Our 10 essential Australian albums of the year
As the curtain draws on a massive year for Australian music, we thought we’d take the time to stop and appreciate some of the finest album releases of 2017.
So here they are, in no particular order:
Gang of Youths – Go Farther in Lightness
Where better to start than with the 2017 ARIA Album of the Year? Gang of Youths arrived in anthemic fashion with their 2015 debut, The Positions. Topping that was no easy feat, but with this sophomore effort they delivered a better, more expansive, alternative epic. Although this record presents a bleak and complex soundscape, it’s also a tribute to the triumph of the human spirit. It’s winning loads of awards and acclaim for a reason, so be sure to check this one out.
You can read more about the album in our Q&A with bassist Max Dunn.
Essential tracks: ‘What Can I Do If the Fire Goes Out?’, ‘Atlas Drowned’, ‘The Deepest Sighs, the Frankest Shadows’.
Alex the Astronaut – To Whom It May Concern
Alex Lynn, better known by her stage name Alex the Astronaut, has had an absolute blinder of a year, with several EPs, shows and critical success under her belt. But it is her first EP of the year that makes our top 10. To Whom It May Concern showcases Lynn’s ability for outstanding lyrical storytelling and non-traditional songwriting. The result is a deliciously catchy blend of indie pop that is damn entertaining to listen to. She is one of the most exciting young artists Australia has to offer, you know you’ve got some talent when even Elton John is giving you shout-outs.
Essential tracks: ‘Rockstar City’, ‘I Believe in Music’.
Paul Kelly – Life is Fine
Songwriting legend Paul Kelly returned to prominence in emphatic fashion this year, scoring his first-ever number one album in Australia with his twenty-third effort, Life is Fine. The record saw a fresh update on Kelly’s style, and his decision to go back to basics was the right one. The album was one of the biggest domestic commercial success of the year – fitting for a musical legend whose work is etched into the Australian musical psyche.
Essential tracks: ‘Firewood and Candles’, ‘My Man’s Got a Cold’, ‘I Smell Trouble’.
Polish Club – Alright Already
The wacky, self-proclaimed ‘sweatiest band in Sydney’ certainly hit it big with their debut album this year. If there is one way you can describe this gem of a record, it’s that it’s wild. A two-piece rock ‘n’ roll band is a hard thing to master, but Polish Club nail it perfectly with solid songwriting, and confident ‘stare-you-right-in-the-eyes’ performances on this record. Sweaty rock’n’roll? Look no further.
Essential tracks: ‘Come Party’, ‘Divided’, ‘Beat Up’.
Busby Marou – Postcards from the Shell House
One can be drawn to many different genres of music, but nothing beats the almost universal appeal of acoustic guitar and vocals. Combine that with a relaxed, folky, campfire vibe, good songwriting, great singing and you get Busby Marou. The easy-going lads from Rockhampton scored their first number one this year with their third LP. It was an absolute knockout, a stunning example of beauty in simplicity and exhibited melodies that can touch your heart.
The duo discussed the making of Postcards in our recent interview.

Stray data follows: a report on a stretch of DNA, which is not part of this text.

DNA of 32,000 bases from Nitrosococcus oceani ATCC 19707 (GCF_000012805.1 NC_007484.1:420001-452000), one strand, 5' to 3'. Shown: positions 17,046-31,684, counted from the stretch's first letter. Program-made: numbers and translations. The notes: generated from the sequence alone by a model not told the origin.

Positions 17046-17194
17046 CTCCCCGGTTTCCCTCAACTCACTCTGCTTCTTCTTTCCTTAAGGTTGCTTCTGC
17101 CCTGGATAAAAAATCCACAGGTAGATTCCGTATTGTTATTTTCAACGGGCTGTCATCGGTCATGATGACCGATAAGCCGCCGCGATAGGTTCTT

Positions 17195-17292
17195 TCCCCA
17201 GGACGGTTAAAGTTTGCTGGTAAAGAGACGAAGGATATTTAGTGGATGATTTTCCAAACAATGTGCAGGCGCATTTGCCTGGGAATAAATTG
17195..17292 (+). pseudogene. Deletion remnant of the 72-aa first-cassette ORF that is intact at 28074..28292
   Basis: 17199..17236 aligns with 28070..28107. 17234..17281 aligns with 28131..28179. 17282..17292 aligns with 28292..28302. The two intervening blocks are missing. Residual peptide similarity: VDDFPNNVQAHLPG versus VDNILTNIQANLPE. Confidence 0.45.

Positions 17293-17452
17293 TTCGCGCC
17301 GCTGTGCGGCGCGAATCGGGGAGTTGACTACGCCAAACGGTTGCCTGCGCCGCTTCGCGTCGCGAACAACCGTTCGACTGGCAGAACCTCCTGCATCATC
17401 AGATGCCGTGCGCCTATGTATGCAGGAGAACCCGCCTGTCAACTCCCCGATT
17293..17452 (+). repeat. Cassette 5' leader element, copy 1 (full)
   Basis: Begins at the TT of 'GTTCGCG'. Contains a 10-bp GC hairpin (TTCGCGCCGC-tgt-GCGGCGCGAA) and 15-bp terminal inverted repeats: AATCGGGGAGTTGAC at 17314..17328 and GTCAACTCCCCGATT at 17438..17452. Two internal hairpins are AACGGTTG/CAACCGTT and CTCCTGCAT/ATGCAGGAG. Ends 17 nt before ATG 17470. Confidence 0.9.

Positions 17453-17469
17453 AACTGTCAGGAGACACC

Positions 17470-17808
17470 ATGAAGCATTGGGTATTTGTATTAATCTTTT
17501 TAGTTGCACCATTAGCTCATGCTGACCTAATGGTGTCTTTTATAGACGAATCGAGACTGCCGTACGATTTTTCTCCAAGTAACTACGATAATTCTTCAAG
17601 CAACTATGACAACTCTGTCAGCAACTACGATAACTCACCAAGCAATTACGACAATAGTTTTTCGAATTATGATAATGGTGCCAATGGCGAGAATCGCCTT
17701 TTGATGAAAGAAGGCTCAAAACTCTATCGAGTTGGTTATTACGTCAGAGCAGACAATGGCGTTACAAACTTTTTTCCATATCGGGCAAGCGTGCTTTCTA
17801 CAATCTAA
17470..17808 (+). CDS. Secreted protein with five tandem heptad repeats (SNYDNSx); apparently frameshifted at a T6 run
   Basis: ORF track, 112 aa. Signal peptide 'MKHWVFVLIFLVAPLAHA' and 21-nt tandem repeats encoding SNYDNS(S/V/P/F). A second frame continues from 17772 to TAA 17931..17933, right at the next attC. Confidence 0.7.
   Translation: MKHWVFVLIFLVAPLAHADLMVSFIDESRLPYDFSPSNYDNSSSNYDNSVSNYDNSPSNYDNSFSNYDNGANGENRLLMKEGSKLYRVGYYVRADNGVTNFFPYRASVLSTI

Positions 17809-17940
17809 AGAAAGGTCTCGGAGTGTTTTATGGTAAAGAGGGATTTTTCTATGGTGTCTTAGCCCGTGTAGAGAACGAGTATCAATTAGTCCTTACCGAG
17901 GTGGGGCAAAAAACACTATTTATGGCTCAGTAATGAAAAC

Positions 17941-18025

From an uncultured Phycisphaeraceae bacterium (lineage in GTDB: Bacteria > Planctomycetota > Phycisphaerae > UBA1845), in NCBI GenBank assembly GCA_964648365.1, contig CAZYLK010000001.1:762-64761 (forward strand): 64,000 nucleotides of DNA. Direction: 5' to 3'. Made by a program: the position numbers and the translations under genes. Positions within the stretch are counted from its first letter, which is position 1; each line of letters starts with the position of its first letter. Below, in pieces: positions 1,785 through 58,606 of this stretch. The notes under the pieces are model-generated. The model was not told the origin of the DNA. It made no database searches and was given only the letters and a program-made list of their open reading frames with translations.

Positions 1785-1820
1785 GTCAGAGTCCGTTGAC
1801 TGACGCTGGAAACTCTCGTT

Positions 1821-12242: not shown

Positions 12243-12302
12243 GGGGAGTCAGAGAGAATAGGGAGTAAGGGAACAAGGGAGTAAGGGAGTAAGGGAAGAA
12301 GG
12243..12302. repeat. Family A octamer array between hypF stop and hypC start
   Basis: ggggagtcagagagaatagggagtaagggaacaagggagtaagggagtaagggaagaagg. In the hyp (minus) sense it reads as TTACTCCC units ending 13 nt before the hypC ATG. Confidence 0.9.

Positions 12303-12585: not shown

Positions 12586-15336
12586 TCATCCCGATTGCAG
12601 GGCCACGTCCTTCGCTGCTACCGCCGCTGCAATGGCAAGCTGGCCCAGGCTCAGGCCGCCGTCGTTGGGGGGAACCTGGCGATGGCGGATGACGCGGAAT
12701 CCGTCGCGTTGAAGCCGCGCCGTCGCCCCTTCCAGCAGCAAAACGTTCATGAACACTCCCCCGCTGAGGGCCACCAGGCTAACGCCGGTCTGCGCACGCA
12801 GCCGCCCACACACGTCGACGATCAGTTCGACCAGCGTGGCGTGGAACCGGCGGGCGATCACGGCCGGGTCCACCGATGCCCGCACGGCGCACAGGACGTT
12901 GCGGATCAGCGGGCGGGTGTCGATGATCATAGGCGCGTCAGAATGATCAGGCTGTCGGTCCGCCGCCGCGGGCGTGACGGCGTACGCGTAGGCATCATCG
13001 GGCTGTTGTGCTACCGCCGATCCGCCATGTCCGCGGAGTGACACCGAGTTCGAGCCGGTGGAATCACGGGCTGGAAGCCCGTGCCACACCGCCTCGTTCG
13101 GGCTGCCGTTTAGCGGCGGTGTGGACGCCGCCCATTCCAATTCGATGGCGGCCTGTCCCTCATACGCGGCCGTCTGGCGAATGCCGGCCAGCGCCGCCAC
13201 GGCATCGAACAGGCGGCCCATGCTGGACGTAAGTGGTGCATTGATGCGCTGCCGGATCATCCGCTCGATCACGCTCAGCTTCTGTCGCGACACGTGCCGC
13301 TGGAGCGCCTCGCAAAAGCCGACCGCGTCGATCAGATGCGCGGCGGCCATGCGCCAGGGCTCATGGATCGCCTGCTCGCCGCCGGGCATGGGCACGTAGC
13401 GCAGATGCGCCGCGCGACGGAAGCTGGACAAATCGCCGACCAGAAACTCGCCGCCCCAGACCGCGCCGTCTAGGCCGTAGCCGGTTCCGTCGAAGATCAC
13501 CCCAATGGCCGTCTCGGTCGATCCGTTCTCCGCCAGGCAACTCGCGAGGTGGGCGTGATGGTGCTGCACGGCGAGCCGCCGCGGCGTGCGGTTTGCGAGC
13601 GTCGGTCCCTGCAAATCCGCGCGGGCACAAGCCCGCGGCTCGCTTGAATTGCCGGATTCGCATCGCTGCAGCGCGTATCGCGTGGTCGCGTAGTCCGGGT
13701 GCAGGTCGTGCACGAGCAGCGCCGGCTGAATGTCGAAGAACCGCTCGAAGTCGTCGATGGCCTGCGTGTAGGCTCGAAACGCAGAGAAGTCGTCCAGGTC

Essential tracks: ‘Come Back to Me’, ‘Paint This Land’, ‘Every Day In Between’
Nic Cester – Sugar Rush
The debut solo effort from the former Jet frontman was an unexpected gem that slipped under the radar of many a music fan. A notable departure from the sounds of Get Born, this album retains a balance of hard rock, while throwing elements of psychedelia and jungle into the mix. As Cester steps into the next phase of his career, he’s delivered an album will please old fans and new (even if you were never on the Jet bandwagon).
Check out our review of Sugar Rush.
Essential tracks: ‘Hard Times’, ‘Eyes on the Horizon’, ‘Psichebello’
Meg Mac – Low Blows
Much anticipated by the team at MI, Meg Mac’s long-awaited debut was well worth the wait. A soulful singer with a mature head on her shoulders, Mac delivers track after track of exciting performances, both lyrically and musically. The album oozes personality, recalling the sounds of soul, Celtic music, and much more. Low Blows was certainly a high point for Australian music this year, and one well worth checking out.
Check out our review of Low Blows.
Essential Tracks: ‘Low Blows’, ‘Maybe It’s My First Time’
Kasey Chambers – Dragonfly
Released at the very start of the year, Kasey Chambers’ eleventh studio album is one of the most impressive she has put out in years. With her signature country style, Kasey delivered a cracking record that reminds us why we fell in love with her to begin with. Adding in her outstanding collaboration with Paul Kelly, and it ain’t hard to see why this record was her first chart topper in nearly a decade.
Essential tracks: ‘Ain’t No Little Girl’, ‘Pompeii’, ‘Hey’ (with Paul Kelly)
Angus & Julia Stone – Snow
Snow was (mind the pun) a real watershed moment for the Stone siblings. Angus and Julia went their own ways musically for the last few years, but this record showed us they truly are better together. The call-and-response feel of the record and the way the siblings play off each other is utterly charming.
Essential tracks: ‘Snow’, ‘Chateau’, ‘Cellar Door’
Amy Shark – Night Thinker
Gold Coast singer-songwriter Amy Shark has turned heads with her soothing, nocturnal music. Night Thinker a sparse EP filled with chilling, ever-echoing vocals and compelling instrumentation. With her blend of indie pop and slow-dance electronica, Shark has carved out a niche for herself with this compelling listen.
Essential tracks: ‘Drive You Mad’, ‘Adore’, ‘Weekends’